Michael Omolewa

Alongside the questions of the purpose of literacy and its influence on economic development, a main focus of the debate is the role played by language. Language is the expression of a people’s cultural identity, it reflects the world of experience and life, and it serves to pass on traditions. Can the full range of indigenous languages be maintained (over 400 in Nigeria)? Or is it more sensible to teach people literacy in the official national languages and in the languages most widely used throughout the world so that they are more likely to solve pressing global problems and have better opportunities in the context of increasing world globalisation? – Professor Michael Omolewa, Ambassador and Permanent Delegate of Nigeria to UNESCO, provides food for thought. Before he moved to Paris to take up his present post, he was for many years Professor of Adult Education at the University of Ibadan, Nigeria. This is host to an interesting literacy project, which was awarded a UNESCO Literacy Prize some years ago.

The Language of Literacy

No one should seek to impose a language on the people. The colonial administrations all over the world unsuccessfully attempted to replace the language of the conquered with that of the conquerors. In the end, diversity, and respect for the cultures and traditions of the people triumphed. The people’s identity through language was established. The identity of the people, demonstrated through the language in which they dream, enhances the quality of learning. The culture of the people is best displayed by language. Language is the reflection of the way people view objects, beliefs and practices. In this contribution we are encouraged to enjoy differences and allow the cultures of the poor and the voiceless to prevail in the promotion of literacy.

Three broad issues seem to have dominated the debate on literacy promotion and practice during the last century. The first is whether literacy should be a means to achieve an end or should be the end on its own. UNESCO seems to have resolved that argument by encouraging the debate on the launching of functional literacy to supplant the traditional literacy of the sixties. The idea was that countries should not restrict literacy promotion to the acquisition of literacy skill, but should proceed to the adoption and use of the skill for economic and social advancement. The second issue has been the question of the limitations of literacy in economic development. The view that literacy cannot necessarily generate employment opportunities or provide bread on the table for families became common in the eighties, and contributors from India and the German Adult Education Association became controversial at the time. The point that was canvassed at the time was that the expectations from literacy have remained exaggerated and too high for reality. It seems that the debate on this subject has persisted. The third issue that does not seem adequately articulated has been the question of the language of literacy. Given the importance of literacy for individual, social and political mobility, how critical is the language factor? In other words, should the language issue be given much attention? The assumption is that literacy is of considerable importance to make every aspect of its delivery and promotion of great significance. Our aim in this contribution is to focus attention on the language issue.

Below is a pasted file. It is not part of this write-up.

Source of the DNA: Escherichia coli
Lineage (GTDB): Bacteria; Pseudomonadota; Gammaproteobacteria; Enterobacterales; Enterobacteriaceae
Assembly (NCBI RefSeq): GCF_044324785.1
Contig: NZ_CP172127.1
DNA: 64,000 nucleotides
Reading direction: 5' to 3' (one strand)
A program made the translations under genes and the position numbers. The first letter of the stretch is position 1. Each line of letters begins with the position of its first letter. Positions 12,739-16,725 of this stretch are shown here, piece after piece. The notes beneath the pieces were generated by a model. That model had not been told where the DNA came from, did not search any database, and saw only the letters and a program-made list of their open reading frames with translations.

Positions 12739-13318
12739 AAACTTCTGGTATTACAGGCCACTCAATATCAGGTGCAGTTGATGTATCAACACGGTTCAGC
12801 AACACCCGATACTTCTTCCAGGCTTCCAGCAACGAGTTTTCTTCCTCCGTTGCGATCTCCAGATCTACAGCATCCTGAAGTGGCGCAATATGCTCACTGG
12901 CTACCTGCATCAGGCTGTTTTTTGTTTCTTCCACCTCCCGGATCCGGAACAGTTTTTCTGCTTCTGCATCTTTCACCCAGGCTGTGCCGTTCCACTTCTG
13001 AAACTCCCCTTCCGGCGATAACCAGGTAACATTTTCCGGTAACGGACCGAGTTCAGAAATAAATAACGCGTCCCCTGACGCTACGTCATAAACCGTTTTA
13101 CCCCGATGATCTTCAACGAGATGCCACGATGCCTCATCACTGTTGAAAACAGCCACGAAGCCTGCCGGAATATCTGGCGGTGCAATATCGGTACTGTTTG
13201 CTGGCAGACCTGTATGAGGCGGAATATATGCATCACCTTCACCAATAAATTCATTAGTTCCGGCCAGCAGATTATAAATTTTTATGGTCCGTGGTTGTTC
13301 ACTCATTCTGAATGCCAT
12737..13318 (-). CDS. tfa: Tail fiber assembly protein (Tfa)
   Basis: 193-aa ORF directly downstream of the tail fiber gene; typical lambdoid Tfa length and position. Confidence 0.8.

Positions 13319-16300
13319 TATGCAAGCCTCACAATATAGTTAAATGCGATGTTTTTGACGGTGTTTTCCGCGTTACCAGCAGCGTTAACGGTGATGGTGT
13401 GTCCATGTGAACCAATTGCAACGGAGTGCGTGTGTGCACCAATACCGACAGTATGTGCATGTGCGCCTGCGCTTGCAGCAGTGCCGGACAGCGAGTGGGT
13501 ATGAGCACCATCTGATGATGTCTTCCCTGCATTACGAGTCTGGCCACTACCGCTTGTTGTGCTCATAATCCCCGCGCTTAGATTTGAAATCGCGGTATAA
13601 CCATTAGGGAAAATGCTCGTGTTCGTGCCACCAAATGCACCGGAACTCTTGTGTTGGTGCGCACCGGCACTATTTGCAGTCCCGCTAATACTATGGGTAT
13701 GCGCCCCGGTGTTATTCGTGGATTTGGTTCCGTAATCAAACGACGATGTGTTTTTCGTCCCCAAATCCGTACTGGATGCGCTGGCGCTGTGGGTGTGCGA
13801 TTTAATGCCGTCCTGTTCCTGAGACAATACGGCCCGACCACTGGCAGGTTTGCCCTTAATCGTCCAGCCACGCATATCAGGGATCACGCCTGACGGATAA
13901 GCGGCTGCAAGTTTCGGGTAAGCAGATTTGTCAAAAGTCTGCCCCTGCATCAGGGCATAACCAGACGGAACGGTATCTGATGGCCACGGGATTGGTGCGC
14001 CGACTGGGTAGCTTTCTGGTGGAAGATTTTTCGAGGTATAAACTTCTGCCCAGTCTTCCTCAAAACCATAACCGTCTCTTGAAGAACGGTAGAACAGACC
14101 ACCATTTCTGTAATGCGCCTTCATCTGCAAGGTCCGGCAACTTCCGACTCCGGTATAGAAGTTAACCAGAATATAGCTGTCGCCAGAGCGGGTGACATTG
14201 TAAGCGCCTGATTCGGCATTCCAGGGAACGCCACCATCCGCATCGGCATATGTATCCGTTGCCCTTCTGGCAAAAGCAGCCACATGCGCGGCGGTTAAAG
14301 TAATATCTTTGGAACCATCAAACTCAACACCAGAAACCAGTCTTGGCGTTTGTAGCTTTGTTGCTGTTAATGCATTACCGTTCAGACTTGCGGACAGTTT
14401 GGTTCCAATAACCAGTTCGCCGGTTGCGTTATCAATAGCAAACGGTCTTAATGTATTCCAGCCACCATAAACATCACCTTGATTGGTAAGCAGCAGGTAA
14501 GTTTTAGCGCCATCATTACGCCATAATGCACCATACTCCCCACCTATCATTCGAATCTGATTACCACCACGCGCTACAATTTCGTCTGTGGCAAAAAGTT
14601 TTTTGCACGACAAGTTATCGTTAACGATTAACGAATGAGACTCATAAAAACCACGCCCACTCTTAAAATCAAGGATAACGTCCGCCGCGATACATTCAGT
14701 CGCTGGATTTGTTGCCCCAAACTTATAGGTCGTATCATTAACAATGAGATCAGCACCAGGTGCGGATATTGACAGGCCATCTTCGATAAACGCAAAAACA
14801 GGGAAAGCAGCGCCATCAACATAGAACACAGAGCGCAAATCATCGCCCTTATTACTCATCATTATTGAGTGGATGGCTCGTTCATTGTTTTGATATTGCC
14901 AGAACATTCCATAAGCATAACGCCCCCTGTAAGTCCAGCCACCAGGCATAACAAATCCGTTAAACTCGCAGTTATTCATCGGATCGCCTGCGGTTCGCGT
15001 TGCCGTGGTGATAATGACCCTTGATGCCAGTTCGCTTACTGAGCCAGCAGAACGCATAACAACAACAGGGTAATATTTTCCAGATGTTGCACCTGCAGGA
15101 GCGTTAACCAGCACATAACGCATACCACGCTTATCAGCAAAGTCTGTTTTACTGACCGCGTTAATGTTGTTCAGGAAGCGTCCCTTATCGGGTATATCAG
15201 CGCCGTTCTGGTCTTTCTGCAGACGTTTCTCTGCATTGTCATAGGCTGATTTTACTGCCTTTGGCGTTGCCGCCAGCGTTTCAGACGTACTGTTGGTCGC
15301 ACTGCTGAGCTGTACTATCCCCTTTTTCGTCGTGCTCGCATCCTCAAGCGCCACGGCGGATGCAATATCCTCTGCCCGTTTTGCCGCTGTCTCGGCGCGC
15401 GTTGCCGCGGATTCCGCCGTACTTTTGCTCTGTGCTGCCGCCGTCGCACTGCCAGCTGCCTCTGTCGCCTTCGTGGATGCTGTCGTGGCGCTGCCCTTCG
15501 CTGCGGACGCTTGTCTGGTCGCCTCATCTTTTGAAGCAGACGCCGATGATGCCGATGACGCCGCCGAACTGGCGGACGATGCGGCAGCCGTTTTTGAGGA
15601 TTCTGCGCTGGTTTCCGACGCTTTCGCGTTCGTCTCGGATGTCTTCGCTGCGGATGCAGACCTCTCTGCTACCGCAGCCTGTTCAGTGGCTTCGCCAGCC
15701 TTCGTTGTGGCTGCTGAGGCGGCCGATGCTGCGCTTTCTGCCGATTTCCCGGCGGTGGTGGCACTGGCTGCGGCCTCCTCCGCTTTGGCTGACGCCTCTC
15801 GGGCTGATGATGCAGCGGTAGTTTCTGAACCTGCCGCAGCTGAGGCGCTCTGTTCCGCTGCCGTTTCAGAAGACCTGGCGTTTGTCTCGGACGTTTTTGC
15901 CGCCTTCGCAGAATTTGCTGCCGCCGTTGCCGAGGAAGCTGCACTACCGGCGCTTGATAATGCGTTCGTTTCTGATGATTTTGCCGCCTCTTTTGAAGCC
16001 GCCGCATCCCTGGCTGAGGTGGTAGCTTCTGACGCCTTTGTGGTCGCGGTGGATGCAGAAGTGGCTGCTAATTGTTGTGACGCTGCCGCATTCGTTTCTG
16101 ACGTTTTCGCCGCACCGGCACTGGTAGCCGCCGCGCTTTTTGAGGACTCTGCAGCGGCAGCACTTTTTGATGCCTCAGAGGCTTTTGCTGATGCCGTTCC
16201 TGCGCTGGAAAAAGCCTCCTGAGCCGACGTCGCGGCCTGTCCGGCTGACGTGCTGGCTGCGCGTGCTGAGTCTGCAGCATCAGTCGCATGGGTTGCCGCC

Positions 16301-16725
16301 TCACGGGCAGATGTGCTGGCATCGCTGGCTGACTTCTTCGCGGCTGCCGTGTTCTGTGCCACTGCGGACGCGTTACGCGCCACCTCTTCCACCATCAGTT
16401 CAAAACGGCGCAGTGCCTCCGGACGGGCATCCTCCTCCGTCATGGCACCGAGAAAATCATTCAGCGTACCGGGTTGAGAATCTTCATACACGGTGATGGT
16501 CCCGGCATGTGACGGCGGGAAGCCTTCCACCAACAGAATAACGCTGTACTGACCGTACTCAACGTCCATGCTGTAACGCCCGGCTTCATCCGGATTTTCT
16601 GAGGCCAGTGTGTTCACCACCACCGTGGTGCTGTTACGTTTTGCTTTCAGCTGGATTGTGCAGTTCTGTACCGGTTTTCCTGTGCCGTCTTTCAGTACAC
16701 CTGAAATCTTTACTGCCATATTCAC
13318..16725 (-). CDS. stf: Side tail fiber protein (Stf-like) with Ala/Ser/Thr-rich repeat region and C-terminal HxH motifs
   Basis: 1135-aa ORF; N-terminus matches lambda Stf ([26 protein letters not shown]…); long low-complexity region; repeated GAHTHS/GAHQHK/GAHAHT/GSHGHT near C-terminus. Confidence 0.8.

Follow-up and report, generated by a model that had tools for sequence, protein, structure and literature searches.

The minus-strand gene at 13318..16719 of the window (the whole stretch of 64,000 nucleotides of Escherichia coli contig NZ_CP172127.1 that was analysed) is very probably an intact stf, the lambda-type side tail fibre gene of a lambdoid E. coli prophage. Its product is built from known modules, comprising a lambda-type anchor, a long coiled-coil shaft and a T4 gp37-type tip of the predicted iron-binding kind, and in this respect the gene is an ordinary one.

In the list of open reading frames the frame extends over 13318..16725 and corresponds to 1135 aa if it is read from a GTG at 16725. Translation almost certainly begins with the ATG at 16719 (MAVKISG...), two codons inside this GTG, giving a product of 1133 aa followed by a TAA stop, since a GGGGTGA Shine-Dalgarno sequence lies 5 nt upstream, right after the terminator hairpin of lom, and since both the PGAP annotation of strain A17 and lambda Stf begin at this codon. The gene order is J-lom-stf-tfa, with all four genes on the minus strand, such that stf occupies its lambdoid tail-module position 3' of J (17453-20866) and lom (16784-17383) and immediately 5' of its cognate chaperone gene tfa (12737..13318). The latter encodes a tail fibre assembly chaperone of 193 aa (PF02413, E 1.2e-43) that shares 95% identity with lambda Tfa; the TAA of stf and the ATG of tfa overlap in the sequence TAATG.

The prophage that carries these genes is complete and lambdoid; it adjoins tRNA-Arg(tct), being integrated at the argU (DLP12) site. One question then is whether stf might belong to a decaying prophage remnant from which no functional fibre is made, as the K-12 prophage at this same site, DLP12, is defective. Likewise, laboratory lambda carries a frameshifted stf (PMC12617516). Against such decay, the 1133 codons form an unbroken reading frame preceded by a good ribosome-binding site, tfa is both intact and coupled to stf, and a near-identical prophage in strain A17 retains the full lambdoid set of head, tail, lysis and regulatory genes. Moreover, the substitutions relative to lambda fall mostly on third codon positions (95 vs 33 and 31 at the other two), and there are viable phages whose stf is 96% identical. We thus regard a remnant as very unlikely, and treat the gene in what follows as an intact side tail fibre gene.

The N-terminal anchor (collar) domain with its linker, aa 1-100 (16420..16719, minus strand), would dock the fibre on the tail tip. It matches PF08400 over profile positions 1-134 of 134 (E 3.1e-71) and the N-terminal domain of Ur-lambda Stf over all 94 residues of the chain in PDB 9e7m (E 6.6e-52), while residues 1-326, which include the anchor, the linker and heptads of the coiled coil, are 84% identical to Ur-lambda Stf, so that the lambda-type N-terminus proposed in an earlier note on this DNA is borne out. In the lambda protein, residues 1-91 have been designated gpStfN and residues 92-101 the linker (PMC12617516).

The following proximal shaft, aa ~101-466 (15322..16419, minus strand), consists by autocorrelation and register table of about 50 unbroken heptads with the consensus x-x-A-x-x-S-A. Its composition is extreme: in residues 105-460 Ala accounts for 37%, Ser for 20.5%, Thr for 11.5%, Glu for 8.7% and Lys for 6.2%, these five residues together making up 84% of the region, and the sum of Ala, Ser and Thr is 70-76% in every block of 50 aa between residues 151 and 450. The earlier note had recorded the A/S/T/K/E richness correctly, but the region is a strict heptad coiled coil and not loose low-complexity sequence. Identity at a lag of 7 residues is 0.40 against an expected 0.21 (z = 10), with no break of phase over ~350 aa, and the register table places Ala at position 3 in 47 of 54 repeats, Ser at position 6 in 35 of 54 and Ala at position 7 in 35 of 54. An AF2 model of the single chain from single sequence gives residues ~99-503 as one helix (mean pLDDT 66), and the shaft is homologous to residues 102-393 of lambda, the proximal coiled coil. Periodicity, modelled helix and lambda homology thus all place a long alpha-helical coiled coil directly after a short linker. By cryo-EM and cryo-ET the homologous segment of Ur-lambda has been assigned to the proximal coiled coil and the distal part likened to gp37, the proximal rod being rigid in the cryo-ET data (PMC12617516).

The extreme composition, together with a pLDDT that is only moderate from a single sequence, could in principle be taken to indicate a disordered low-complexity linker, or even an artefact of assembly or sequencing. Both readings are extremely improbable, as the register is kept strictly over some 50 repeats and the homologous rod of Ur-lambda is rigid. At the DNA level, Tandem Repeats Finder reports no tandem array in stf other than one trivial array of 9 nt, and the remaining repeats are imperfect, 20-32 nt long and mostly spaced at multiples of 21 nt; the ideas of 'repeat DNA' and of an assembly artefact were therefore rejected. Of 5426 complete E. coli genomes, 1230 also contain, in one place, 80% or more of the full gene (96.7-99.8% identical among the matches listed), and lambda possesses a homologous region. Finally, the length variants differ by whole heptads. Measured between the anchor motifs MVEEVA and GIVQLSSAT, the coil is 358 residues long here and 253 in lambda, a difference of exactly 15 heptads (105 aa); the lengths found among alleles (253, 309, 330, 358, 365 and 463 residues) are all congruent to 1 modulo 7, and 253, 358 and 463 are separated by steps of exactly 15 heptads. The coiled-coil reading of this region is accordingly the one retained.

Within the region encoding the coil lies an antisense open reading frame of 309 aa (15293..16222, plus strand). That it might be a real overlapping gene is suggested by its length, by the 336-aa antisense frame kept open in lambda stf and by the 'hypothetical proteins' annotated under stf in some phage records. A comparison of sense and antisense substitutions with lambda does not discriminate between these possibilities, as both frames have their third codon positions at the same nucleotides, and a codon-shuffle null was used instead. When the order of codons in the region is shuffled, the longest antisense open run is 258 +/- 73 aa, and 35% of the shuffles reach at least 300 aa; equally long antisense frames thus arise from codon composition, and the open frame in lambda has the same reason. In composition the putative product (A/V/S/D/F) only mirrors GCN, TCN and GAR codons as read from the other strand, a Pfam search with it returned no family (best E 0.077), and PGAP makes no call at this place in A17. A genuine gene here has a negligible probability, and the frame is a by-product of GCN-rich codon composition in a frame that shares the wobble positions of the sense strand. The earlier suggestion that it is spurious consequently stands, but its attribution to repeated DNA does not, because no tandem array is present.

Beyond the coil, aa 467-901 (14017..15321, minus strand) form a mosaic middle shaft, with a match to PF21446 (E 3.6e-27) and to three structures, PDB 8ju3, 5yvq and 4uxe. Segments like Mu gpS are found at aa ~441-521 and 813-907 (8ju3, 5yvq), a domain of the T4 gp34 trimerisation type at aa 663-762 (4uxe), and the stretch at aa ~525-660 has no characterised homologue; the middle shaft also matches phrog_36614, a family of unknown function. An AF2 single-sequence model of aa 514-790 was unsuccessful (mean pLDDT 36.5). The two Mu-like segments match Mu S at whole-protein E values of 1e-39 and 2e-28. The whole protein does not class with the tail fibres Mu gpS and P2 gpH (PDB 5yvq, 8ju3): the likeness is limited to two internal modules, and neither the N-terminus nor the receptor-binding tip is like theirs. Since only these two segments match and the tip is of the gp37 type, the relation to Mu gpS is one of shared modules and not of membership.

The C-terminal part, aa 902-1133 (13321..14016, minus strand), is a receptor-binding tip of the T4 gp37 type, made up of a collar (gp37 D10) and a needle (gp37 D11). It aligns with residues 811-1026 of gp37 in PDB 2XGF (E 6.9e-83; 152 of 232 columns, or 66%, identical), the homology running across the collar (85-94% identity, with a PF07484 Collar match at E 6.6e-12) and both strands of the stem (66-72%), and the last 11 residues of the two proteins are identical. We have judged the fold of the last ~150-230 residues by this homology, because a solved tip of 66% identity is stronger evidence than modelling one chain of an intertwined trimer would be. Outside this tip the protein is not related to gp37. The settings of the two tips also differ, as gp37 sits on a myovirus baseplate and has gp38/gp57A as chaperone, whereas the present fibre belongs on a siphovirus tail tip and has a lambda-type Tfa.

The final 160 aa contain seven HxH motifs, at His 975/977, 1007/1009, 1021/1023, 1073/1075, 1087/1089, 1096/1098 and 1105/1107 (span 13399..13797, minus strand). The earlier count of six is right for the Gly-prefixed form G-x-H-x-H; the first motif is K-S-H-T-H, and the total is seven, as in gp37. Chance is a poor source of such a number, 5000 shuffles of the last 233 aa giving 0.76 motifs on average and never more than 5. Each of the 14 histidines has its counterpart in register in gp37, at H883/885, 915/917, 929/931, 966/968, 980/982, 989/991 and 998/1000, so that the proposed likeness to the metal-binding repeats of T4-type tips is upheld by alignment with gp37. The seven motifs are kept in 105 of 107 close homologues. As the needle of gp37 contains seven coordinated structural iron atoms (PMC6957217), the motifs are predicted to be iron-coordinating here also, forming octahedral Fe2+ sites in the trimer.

We must make it clear that there are currently two major categories of scholars who have consistently addressed the subject of the language of literacy, or of education for that matter. There are those that are labelled the emotional group, and there arü those described as the rational group. Both are concerned about the choice of language for literacy. The emotional group is often guided by the cultural factor, the need to preserve the identity of the people and respect the gift of nature. This group argues that dreams come in the language of the people, and that learning must be founded on the indigenous language of the people. The group further argues that establishment of cultural identity will inevitably assist in the promotion of nationalism, and even patriotism. We must add that much of the argument of this group still need research and empirical backing. The second group contends that what should guide language choice in literacy is the realistic, practical consideration. This group considers language as an instrument that can and should be used for meeting the goal of literacy. For large countries such as Nigeria where there are over four hundred languages, those who belong to this latter school of thought argue that it will be wasteful and unrealistic to seek to promote several languages. It is argued that the major languages of the community may be adopted to accommodate the major interest of the people. It is further argued that the ultimate goal of education should be the achievement of unity and that language choice should be made deliberately to promote this goal.

For the African, the preservation of the indigenous languages is perceived as critical to growth and development. Most Africans believe that the gift of languages is Divine and that the Giver must be respected by their careful preservation and use. Attention is drawn to most European countries that have only one national language. In many African countries, by contrast, there are as many as a hundred languages, and as we have already noted, Nigeria has over four hundred languages. Most of the language groups in Nigeria are working tenaciously towards the increased use of the languages both as the spoken and written medium of expression. In Nigeria there are over two hundred minority languages where an intense struggle is on to ensure their survival, sustainability and recognition.

The Federal Government, in cooperation with the European Community, supported a project to prepare literacy primers in eight of the indigenous languages of two of the States in Nigeria. The response to this development from the people was enthusiastic, as many adult learners who would otherwise have stayed away from literacy classes began to enrol and remain in the classes. They join in the process of rewriting their history and in documenting songs idioms and proverbs in the area. The smaller groups have continued to appeal for the adoption of the languages, many of which do not even yet possess an orthography. In a recent publication of the National Institute for Nigerian Languages in 1999 entitled Language Endangerment and Language Empowerment in Nigeria; the contributors have rejected what has been described as discrimination against the smaller language groups. As Adegbija, one of their spokespersons put it in 1994: “Generally while all languages are apparently equal, it does seem that in terms of national and official functionality, at least, some are more equal than others”.